Unless your product is vaporware or some modern rendition of snake oil, there's no way you are working in the quantum computing field without having some of the most impressive brains of our generations (the same is true for other fields of science, of course).
Yet some of Microsoft's competitors have already established their relative footholds in the industry. They've delivered, Quantum Processing Units (QPUs), software-based solutions, or pure cloud-based access to quantum computing hardware. And IBM's own roadmap also leaves space for it to reach its own quantum supercomputer around the same time as Microsoft, even if the company hasn't been as razor-sharp in stating it would come within the decade as Microsoft was just yesterday.
All of these companies have been working with their qubits of choice for longer than Microsoft has - they're all bound to have found hurdles and unforeseen difficulties in bringing their quantum computing vision to the life it already has. Microsoft is sure to hit comparable roadblocks, even if its technology is different from others'. As any engineer will tell you, and as years of being hardware enthusiasts have taught us extensively, on-paper (or on-research) specifications don't always translate into the real world.
But then, that's where Microsoft being a two-trillion-dollar company comes into play. There's nothing like huge amounts of funding to iron out the wrinkles, is there?
Svore finished saying that Microsoft is well on its way to building its reliable qubits. The company expects these to be around 10 nm in size each, which while small, isn't as small as the silicon qubits Intel has already got spinning and working for research within its Tunnel Falls QPU. But to be fair, the world of quantum doesn't work in quite the same way as transistors would; some qubits being smaller doesn't automatically mean it's easier to simply mash more of them together on the road to a million qubits.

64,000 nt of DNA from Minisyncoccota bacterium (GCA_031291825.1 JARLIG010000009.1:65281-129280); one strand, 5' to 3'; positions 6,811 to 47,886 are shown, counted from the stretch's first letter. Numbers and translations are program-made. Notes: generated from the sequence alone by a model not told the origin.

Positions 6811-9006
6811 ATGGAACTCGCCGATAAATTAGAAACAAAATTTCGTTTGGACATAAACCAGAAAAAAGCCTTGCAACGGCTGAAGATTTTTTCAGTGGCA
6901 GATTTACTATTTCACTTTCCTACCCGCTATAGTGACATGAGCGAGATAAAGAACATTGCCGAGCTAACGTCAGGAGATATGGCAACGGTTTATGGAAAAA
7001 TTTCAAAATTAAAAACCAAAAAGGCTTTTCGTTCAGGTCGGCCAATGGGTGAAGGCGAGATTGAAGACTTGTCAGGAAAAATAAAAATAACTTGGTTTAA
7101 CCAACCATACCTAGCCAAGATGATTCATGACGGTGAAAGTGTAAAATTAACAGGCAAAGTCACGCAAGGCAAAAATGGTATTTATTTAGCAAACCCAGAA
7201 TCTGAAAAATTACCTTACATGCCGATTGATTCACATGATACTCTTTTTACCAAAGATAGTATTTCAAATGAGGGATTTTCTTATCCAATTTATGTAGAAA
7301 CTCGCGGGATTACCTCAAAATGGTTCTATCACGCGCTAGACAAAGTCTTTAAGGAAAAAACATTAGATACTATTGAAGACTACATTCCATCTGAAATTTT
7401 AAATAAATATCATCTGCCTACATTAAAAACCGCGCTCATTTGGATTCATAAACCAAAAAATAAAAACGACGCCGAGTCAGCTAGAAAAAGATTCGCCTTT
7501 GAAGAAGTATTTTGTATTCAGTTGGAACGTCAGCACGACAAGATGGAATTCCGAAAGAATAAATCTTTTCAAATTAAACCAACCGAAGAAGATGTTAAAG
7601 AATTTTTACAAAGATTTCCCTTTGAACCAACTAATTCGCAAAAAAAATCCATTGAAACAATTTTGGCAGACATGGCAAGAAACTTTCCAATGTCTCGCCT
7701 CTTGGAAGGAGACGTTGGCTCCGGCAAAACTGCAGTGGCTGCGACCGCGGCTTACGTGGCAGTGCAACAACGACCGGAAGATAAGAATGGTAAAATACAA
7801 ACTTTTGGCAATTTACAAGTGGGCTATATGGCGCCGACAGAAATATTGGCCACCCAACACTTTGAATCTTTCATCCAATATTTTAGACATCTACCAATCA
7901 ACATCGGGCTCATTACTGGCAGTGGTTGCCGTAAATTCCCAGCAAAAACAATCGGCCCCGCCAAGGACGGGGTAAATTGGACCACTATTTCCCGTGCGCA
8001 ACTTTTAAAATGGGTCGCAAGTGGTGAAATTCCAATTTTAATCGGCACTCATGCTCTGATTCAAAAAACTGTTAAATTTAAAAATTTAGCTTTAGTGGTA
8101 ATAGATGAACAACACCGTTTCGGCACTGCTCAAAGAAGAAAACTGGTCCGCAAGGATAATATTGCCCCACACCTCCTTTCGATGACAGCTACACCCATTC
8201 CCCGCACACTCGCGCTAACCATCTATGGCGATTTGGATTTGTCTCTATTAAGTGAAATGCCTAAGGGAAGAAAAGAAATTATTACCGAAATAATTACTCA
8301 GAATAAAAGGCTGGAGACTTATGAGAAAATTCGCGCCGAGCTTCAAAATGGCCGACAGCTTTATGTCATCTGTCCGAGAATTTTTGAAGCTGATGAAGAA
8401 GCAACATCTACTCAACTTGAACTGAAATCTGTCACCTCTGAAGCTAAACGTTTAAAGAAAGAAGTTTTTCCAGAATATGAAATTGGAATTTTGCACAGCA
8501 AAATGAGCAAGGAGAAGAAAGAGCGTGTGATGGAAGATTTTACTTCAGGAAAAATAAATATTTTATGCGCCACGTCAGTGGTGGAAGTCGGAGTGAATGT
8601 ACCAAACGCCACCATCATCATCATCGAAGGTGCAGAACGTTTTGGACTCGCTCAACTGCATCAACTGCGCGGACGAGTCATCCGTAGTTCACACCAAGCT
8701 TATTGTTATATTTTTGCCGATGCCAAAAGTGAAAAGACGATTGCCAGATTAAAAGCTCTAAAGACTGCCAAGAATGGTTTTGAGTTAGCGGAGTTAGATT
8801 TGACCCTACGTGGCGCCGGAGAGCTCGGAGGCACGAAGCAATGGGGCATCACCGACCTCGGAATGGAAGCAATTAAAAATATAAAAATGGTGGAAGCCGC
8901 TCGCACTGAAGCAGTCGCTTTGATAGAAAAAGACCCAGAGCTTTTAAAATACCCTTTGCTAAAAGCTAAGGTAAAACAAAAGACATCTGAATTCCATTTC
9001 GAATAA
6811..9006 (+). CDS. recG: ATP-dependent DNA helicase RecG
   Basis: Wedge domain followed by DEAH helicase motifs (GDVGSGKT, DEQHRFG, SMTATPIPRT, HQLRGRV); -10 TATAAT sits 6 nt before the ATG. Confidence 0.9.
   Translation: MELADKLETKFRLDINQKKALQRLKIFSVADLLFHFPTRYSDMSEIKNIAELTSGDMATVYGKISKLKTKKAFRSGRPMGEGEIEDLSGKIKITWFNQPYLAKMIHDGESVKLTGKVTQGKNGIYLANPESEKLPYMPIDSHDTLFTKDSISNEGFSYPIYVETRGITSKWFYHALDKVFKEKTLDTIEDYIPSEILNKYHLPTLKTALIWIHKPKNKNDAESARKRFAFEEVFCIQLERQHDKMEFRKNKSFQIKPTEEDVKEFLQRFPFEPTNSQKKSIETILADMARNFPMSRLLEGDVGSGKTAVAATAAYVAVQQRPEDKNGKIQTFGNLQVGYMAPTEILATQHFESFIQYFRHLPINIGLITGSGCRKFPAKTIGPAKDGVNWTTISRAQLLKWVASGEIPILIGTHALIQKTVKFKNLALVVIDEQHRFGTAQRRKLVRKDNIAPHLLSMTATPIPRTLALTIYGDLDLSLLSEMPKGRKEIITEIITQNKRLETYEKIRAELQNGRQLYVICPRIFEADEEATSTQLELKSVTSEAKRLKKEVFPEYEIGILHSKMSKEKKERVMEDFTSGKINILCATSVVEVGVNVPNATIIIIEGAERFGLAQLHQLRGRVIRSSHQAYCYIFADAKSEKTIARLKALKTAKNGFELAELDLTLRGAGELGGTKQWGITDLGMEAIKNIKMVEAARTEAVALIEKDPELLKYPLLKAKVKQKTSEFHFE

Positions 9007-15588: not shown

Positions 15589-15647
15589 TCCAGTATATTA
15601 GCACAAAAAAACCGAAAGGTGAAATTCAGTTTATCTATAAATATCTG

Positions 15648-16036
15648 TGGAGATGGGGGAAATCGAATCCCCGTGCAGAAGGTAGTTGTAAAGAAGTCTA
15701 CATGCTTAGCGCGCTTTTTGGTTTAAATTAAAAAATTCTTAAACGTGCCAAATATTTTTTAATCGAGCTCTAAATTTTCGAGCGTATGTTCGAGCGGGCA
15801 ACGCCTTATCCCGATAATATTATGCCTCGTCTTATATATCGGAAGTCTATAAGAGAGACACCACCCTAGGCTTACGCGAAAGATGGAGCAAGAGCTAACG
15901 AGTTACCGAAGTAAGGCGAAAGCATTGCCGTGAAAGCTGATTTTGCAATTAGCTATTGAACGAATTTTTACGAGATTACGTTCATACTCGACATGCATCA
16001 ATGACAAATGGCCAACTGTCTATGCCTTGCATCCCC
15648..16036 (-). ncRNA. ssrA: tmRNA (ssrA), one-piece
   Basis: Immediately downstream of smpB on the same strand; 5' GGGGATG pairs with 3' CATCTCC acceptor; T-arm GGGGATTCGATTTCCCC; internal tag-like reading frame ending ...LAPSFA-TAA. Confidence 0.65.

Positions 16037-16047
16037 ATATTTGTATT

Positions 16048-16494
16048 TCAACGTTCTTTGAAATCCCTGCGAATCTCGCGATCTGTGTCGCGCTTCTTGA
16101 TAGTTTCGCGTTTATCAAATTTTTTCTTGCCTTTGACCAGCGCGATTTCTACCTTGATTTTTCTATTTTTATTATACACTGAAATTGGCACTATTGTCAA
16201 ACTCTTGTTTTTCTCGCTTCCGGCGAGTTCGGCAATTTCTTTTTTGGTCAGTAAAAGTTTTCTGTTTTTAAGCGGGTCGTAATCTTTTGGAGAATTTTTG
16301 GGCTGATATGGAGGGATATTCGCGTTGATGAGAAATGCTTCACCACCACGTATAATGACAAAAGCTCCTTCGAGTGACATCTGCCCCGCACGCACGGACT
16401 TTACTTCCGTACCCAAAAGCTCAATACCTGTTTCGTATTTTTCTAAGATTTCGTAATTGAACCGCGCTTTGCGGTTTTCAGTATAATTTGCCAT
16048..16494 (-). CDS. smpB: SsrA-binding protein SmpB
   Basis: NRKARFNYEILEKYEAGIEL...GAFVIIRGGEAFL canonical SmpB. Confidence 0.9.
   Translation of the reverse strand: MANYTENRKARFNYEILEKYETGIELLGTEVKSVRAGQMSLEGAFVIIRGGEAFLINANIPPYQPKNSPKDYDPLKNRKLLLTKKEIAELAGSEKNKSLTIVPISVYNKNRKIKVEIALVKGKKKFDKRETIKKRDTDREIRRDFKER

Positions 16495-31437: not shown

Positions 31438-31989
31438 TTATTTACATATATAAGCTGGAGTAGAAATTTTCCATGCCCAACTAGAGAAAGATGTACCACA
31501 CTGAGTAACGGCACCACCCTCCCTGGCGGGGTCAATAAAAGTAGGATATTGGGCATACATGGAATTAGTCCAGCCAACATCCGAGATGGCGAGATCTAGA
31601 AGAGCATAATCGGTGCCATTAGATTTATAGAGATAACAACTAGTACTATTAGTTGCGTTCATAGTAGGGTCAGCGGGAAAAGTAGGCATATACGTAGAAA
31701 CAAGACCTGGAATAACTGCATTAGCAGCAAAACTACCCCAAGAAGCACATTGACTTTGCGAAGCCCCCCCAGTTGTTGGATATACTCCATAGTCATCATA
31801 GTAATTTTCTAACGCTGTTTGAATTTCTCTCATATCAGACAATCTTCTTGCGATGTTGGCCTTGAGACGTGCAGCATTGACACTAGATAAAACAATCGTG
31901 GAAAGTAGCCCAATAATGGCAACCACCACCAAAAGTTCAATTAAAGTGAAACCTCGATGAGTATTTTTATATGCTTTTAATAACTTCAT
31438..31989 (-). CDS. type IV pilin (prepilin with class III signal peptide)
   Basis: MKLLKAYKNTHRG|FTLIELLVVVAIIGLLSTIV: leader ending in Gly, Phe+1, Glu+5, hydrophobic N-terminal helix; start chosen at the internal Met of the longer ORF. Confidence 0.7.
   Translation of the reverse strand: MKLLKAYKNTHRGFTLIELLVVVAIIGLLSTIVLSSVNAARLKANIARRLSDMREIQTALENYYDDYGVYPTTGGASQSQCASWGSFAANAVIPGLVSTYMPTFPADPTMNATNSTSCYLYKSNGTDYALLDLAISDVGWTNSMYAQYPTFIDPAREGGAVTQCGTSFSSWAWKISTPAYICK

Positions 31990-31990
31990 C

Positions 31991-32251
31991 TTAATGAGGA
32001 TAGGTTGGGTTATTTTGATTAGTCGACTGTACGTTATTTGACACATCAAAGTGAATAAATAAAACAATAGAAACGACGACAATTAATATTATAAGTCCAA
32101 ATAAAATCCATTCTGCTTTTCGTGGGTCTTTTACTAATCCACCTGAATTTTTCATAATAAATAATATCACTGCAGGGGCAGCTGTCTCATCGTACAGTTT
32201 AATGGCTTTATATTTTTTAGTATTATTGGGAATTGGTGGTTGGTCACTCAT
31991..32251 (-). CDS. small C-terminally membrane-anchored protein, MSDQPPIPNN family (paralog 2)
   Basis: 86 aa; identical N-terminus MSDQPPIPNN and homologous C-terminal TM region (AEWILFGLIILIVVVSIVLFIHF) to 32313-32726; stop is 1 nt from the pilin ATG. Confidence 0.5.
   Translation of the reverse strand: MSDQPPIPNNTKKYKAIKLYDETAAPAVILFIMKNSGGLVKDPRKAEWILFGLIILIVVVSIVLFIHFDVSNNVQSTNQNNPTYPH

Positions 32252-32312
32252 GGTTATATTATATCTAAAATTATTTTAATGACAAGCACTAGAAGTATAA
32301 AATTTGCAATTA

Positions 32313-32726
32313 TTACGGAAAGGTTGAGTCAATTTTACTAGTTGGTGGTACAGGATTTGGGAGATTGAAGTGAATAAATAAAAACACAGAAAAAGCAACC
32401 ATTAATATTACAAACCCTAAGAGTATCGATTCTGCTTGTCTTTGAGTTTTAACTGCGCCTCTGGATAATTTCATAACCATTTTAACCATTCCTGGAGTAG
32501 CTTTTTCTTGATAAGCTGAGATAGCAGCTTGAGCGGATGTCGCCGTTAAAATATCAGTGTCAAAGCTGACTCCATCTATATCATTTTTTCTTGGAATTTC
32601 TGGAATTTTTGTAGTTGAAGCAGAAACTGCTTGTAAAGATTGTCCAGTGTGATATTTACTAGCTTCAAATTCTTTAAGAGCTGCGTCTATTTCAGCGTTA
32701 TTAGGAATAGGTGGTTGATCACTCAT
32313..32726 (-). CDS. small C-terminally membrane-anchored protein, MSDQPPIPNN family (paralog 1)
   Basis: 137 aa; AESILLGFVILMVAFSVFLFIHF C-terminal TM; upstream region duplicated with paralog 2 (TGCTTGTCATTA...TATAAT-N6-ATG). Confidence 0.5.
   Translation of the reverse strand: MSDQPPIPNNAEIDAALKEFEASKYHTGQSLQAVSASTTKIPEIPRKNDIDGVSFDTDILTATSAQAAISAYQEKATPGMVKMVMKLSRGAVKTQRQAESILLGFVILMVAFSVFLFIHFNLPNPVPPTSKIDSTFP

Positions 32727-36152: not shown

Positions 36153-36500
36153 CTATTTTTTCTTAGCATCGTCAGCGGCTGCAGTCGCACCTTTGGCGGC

Interestingly, Microsoft also offered a new metric for measuring a quantum computer's performance - it seems that IBM's proposed CLOPS standard didn't align with Microsoft's view. Microsoft thinks its proposed rQOPS acronym (short for reliable Quantum Operations Per Second), which measures how many reliable operations can be executed in one second, is a better fit.
No-one ever believed that Microsoft was sleeping in the shade of hopeful, topological qubits while other companies raced ahead with other, more well-understood qubit types. The company was simply coiling itself around its chosen technology. It now promises it'll deliver a quantum supercomputer - the ones that will wreak havoc on any standard, non-quantum cryptography - in under a decade. The company now hopes to race ahead of its competitors despite its slower start. But Microsoft now has a much clearer view of the road ahead; and the starting shot on quantum computing still hasn't stopped ringing in the industry's ears.